Our campus has been very busy with a number of initiatives over the summer, many of which have involved faculty in the development of Guided Pathways. If you’re not familiar with this topic, here’s the short version: Guided Pathways involves a multi-faceted approach to helping more students graduate, but beginning with the development of clear, semester-by-semester outlines of how to move through an occupational program or transfer discipline. To support this, other areas of student support are addressed including intake, orientation, advising, etc. It is an effort to use best practices supported by data to lay a strong foundation for success as students enter, progress, and complete their time at the community college, culminating in a degree or certificate. Some background reading can be found here and here, lead by Rob Johnstone and Davis Jenkins who are considered among the leaders in this movement.

Another big project was taken on by myself and a colleague, Jim Shurter, far outside of our regular duties, in the form of a marketing campaign for the college. “Mott. My Path to Excellence.” – The tagline and campaign aimed to reposition our college as a “first choice” in the Greater Flint area and surrounding counties, and not simply a more affordable one. We used the voice of millennials to speak for what they wanted from an education, and how they wanted to shape it for themselves. The inference here is that Mott can not only help make that happen, but by choosing Mott over, say, a “name” university, we have redefined the community college as a truly valuable option that is on par with their other choices. We are empowering these potential students to say that Mott really IS their path to excellence!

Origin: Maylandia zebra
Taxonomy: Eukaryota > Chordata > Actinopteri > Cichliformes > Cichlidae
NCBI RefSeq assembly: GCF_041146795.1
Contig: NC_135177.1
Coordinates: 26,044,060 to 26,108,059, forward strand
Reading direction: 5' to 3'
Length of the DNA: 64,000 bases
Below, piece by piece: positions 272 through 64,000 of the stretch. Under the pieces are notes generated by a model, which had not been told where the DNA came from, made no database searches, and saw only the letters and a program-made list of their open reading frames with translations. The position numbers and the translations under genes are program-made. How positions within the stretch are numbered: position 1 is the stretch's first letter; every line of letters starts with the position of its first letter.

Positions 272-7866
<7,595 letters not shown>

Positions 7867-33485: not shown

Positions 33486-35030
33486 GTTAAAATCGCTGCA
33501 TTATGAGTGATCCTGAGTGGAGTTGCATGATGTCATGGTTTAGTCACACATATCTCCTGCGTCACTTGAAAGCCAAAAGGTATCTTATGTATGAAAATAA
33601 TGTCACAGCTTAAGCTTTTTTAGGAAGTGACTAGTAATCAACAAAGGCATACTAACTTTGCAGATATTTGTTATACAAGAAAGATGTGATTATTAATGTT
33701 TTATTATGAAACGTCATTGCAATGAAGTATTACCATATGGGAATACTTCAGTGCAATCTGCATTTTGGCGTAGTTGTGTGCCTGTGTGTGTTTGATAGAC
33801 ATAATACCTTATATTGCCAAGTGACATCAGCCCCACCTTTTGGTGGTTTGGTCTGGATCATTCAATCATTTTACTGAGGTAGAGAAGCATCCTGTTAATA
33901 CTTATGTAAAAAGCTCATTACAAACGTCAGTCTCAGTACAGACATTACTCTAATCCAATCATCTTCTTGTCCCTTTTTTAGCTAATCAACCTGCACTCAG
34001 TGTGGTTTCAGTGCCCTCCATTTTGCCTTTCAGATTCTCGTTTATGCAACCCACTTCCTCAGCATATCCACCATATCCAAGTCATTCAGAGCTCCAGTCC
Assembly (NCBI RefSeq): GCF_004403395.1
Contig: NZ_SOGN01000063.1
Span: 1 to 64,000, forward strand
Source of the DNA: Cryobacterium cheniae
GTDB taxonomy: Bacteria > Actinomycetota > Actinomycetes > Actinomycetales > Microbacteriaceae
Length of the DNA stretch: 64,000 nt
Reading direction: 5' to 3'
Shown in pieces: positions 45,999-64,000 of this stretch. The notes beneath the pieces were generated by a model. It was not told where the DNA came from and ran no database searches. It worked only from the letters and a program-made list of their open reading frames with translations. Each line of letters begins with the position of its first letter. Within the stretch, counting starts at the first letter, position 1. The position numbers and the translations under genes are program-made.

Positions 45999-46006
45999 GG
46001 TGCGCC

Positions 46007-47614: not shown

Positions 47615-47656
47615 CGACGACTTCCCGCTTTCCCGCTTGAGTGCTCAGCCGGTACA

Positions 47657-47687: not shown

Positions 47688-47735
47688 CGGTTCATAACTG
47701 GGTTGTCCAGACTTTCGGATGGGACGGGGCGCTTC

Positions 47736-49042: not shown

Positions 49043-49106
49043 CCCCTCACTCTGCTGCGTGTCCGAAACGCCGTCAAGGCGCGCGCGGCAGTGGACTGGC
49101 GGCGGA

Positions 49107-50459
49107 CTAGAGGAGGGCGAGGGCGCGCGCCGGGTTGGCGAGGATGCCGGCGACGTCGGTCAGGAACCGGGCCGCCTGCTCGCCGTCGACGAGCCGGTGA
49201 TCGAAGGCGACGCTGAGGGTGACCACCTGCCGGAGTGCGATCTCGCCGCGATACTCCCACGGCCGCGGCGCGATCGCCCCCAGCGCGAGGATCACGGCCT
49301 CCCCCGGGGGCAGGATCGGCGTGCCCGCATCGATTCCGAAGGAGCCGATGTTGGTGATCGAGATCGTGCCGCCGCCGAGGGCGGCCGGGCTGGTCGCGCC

Now… for some of you, it may have occurred to you that these two initiatives are at odds with each other. Why would we create Guided Pathways that seem to “remove” choice, and then seemingly try to entice students to Mott as a way of shaping their own choices in education? Believe it or not, it makes sense when you look at how many of our students want those choices in the specific educational program they’re choosing to be determined. Today’s students, according to the research by Jenkins, et al, want a more defined path to get them to their destination. But these pathways are not rigid and inflexible. When it comes to non-CTE programs, they are simply a guide to help make the most of their brief time here before transferring to a university. The other part of the Guided Pathways Initiative depends heavily on advising and a case management system that would involve faculty and others in working with students to help guide them towards their goals. In this way, exploration is still possible for the student who wants to veer off the proscribed path.

As for the campaign itself, it seems to have touched the audience effectively. Rather than the 7% drop in Fall enrollment that was originally anticipated, we are currently hovering at around 3% above last year’s Fall numbers. I’ve run into many new students in the out-county areas where we were especially focused who – once they learned I worked at Mott – have proudly announced to me that they were starting there in the Fall. It was exciting to hear!